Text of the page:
This Starkly Beautiful NASA Artemis I Photo of Earth Inspires True Awe

The simple shot was snapped by NASA's Orion spacecraft two days after launch.

Amanda Kooser
Freelance writer Amanda C. Kooser covers gadgets and tech news with a twist for CNET. When not wallowing in weird gear and iPad apps for cats, she can be found tinkering with her 1956 DeSoto.
Amanda Kooser
2 min read
A partial view of Earth in black and white against nothing but black.
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A partial view of Earth in black and white against nothing but black.

Orion's navigation camera took this black and white portrait of Earth.


We're going to get jaw-dropping photos from NASA's Artemis I moon mission. We'll feast our eyes on lunar craters. We may catch a glorious Earthrise. But right now, my heart is quietly imploding over a simple black and white photo of Earth as seen by the Orion spacecraft two days after launch.

By now, you know NASA finally sent its much-delayed uncrewed Artemis I mission into space for a trip around the moon. Perhaps you've seen some of Orion's views of our blue planet. I saw those, too, and I marveled at them, but this new photo struck me a different way. I paused. I traced the abstract swirls of clouds. I stared into the dark of space. I didn't feel small. I felt as expansive as the universe.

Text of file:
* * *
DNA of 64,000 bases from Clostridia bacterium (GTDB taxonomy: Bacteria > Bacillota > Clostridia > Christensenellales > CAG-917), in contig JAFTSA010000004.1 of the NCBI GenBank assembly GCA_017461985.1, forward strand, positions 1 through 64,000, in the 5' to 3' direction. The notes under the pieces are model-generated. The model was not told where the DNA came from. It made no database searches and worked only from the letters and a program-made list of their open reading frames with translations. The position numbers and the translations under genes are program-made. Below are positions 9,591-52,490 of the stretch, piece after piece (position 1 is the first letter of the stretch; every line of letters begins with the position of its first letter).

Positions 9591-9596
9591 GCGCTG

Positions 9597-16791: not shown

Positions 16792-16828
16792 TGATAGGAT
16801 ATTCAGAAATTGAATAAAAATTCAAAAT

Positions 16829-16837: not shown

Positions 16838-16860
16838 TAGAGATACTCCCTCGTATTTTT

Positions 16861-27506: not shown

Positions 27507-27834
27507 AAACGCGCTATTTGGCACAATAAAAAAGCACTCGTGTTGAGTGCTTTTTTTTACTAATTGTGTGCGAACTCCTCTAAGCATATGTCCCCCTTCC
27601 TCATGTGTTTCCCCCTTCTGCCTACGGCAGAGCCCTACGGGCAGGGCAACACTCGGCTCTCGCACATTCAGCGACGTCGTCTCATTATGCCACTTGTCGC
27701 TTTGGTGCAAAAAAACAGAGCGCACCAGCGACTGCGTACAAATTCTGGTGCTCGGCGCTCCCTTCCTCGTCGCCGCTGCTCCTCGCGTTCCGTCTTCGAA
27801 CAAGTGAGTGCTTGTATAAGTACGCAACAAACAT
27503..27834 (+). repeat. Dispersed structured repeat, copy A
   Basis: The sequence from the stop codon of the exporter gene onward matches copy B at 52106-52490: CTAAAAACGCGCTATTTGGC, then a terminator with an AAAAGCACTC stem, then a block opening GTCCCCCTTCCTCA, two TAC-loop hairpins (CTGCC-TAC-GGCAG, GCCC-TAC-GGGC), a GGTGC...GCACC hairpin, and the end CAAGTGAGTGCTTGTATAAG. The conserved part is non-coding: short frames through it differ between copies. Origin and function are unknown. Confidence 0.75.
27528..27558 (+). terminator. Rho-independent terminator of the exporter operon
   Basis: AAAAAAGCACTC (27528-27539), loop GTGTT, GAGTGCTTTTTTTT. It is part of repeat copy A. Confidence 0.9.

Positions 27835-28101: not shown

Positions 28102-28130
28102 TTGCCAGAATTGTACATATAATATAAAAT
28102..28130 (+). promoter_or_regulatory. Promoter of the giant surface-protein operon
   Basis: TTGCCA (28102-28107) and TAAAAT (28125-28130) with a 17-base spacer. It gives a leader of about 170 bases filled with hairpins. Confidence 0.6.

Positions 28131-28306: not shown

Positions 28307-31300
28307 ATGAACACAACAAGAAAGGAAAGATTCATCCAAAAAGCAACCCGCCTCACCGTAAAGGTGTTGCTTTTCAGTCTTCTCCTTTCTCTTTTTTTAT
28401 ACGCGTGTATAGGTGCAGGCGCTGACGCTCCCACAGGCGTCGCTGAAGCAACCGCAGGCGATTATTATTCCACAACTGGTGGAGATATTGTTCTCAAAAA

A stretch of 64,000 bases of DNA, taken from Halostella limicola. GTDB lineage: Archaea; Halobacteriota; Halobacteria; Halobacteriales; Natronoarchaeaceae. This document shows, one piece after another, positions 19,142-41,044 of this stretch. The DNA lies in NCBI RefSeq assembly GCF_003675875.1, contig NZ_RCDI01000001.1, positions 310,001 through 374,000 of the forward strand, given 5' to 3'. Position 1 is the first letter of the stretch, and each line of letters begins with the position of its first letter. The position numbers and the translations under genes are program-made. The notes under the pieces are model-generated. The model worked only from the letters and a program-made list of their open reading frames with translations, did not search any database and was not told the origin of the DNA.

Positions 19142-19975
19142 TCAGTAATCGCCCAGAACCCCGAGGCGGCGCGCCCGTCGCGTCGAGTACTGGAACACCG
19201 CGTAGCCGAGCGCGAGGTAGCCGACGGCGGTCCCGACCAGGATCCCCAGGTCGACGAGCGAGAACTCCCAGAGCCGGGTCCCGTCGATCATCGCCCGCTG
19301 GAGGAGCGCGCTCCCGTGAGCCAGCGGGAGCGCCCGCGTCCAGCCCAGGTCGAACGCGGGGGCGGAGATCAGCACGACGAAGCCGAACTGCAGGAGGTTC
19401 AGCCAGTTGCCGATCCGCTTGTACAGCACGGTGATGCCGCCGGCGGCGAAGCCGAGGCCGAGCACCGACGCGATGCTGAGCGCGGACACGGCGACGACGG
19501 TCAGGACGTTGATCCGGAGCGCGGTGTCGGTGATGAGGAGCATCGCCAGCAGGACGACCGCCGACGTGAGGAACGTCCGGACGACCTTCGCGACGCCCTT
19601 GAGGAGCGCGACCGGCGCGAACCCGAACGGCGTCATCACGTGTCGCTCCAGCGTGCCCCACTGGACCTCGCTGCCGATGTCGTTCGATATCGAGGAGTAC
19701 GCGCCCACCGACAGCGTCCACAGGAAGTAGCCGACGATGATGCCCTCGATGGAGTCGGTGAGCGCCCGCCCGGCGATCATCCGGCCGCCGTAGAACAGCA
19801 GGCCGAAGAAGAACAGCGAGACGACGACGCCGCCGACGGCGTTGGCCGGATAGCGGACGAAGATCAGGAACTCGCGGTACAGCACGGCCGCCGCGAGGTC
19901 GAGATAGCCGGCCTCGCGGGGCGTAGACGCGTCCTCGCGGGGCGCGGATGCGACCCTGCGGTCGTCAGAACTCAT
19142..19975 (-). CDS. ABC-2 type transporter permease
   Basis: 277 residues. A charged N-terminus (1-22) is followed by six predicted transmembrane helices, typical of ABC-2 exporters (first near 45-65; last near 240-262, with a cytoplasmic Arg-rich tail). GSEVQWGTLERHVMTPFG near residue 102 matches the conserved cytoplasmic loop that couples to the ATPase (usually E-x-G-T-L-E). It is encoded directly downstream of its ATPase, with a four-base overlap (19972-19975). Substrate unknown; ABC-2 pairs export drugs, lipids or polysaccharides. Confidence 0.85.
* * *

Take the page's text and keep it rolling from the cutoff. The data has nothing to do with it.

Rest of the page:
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Orion captured the view using a navigation camera, one of a bevy of cameras it has on board. It's not the highest-resolution photo of Earth. It's not the most colorful. It's not the fanciest, and therein lies its beauty. It communicates our place in the universe the way photographer Robert Frank captured the culture of America. It's a casual snapshot, any given moment on any given day.

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I don't know if we're alone in the cosmos. I don't think we are. The only way we'll find out is by reaching out beyond our world. The Artemis era has begun, but it's not just about the moon. It's not even just about humans reaching Mars some day. It's about seeing ourselves as local, as global, as universal.   

It's a simple black and white photo of Earth seen from a way-finding camera on board a spaceship. I'm there somewhere, invisible but present. Everyone I have ever loved and will ever love is there. We are small. We are everything.

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